‘Halo 5: Guardians’ Rated T for Teen By ESRB

By August 7, 2015

In an about-face when compared to every other release in the main Halo game series, the new offering on Xbox One arriving in October is going to have a rating allowing more players to pick up and buy it.

According to Games Radar, Halo 5: Guardians, releasing on October 27th, has been rated T for Teen by the Entertainment Software Ratings Board (ESRB) for, “blood, mild language, and violence.” The specific description of the rating from the board’s summary reads,

This is a first-person shooter in which players assume the role of a super soldier (Locke) searching for a missing character. Players use pistols, machine guns, grenade launchers, and futuristic weapons to kill alien and human enemies in frenetic combat. Battles are highlighted by realistic gunfire, explosions, and occasional blood-splatter effects. Characters can also use “assassinations” to kill characters by snapping their necks, or by stabbing them with bladed weapons. The word “a*s” appears in the dialogue, as well as occasional taunts/insults (e.g., “I have copulated…with your genetic progenitors!”; ‘Your father was a filthy colo and your mother was a hole in the wall!’).

This is very unusual, considering that Halo: Combat EvolvedHalo 2Halo 3Halo 3: ODSTHalo: Reach, and Halo 4 have all been rated M for Mature by the ESRB. The compilation release Halo: The Master Chief Collection which compiled all of those games (except for Reach) was also, expectantly, rated M. It seems, though, that shifting stances at the ESRB may be more responsible for the new rating of Halo 5, especially considering the fact that 343 Industries would likely not go out of its way to change the overall level of violence and demeanor in the series.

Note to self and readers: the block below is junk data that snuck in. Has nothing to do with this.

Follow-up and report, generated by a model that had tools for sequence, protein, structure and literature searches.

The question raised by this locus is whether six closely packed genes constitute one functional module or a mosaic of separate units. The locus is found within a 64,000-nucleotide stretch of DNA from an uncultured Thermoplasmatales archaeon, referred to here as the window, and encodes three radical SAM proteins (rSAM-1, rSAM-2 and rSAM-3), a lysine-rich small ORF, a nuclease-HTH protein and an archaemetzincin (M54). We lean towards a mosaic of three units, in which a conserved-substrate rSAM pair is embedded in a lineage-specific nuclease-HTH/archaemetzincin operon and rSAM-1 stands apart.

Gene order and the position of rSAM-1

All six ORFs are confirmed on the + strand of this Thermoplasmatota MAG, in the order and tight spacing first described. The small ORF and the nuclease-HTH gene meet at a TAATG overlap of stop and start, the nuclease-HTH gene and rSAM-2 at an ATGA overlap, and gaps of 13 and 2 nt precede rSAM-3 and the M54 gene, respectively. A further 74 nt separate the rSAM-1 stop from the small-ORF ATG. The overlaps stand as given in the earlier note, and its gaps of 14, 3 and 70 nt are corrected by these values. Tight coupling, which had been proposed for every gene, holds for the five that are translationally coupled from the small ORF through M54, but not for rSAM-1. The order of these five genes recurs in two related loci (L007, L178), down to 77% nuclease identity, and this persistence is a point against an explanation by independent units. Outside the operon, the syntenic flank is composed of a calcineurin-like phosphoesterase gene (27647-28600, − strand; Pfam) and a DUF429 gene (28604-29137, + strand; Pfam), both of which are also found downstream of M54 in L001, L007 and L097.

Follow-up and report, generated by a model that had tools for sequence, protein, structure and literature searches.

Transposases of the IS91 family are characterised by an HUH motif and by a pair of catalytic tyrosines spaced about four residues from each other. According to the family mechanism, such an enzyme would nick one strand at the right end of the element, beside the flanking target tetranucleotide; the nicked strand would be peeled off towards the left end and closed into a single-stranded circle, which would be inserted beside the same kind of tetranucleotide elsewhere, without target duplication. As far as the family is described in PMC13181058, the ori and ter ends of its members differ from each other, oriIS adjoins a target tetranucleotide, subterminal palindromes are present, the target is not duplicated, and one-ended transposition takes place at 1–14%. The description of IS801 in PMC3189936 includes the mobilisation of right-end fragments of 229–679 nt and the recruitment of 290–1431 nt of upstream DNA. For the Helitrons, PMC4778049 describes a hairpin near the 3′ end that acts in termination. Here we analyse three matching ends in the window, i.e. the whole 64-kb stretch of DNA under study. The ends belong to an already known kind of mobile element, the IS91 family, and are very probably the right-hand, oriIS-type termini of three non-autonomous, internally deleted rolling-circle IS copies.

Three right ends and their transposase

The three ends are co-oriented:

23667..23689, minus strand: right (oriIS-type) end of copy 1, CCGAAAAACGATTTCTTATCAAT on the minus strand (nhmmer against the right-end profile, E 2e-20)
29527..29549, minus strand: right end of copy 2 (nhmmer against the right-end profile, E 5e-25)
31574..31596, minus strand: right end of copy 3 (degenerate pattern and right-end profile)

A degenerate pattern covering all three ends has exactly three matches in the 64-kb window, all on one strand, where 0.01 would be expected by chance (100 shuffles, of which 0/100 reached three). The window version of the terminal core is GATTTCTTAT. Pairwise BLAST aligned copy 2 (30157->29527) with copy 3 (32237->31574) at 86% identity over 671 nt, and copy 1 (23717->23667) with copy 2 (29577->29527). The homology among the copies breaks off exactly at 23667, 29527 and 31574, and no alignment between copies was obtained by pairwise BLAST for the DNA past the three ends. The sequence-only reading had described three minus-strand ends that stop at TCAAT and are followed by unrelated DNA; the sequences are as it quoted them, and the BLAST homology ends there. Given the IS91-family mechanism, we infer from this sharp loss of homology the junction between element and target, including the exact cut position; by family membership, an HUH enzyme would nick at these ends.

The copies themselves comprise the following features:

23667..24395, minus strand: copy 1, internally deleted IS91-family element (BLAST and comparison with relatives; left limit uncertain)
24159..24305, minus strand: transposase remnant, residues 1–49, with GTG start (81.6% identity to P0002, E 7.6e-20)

This is the second major game release of 2015 to go against the norm of previous entries in the series, as June’s Batman: Arkham Knight received an M for Mature rating, when all of its previous installments were rated T for Teen. We’ll have to see when it’s released if there are any significant differences, but if the rating description is any indication, it doesn’t sound like it will be outside the norm for the Halo series. For more on the game as we get closer to its October 27th release date, keep it locked on GeekNation!

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Chris Clow
As a former comics retailer at a store in the Pacific Northwest, Chris Clow is an enormous sci-fi, comics, and film geek. He is a freelance contributor, reviewer, podcaster, and overall geek to GeekNation, Batman-On-Film.com, The Huffington Post, and Movies.com. He also hosts the monthly Comics on Consoles broadcast and podcast. Check out his blog, and follow him on Twitter @ChrisClow.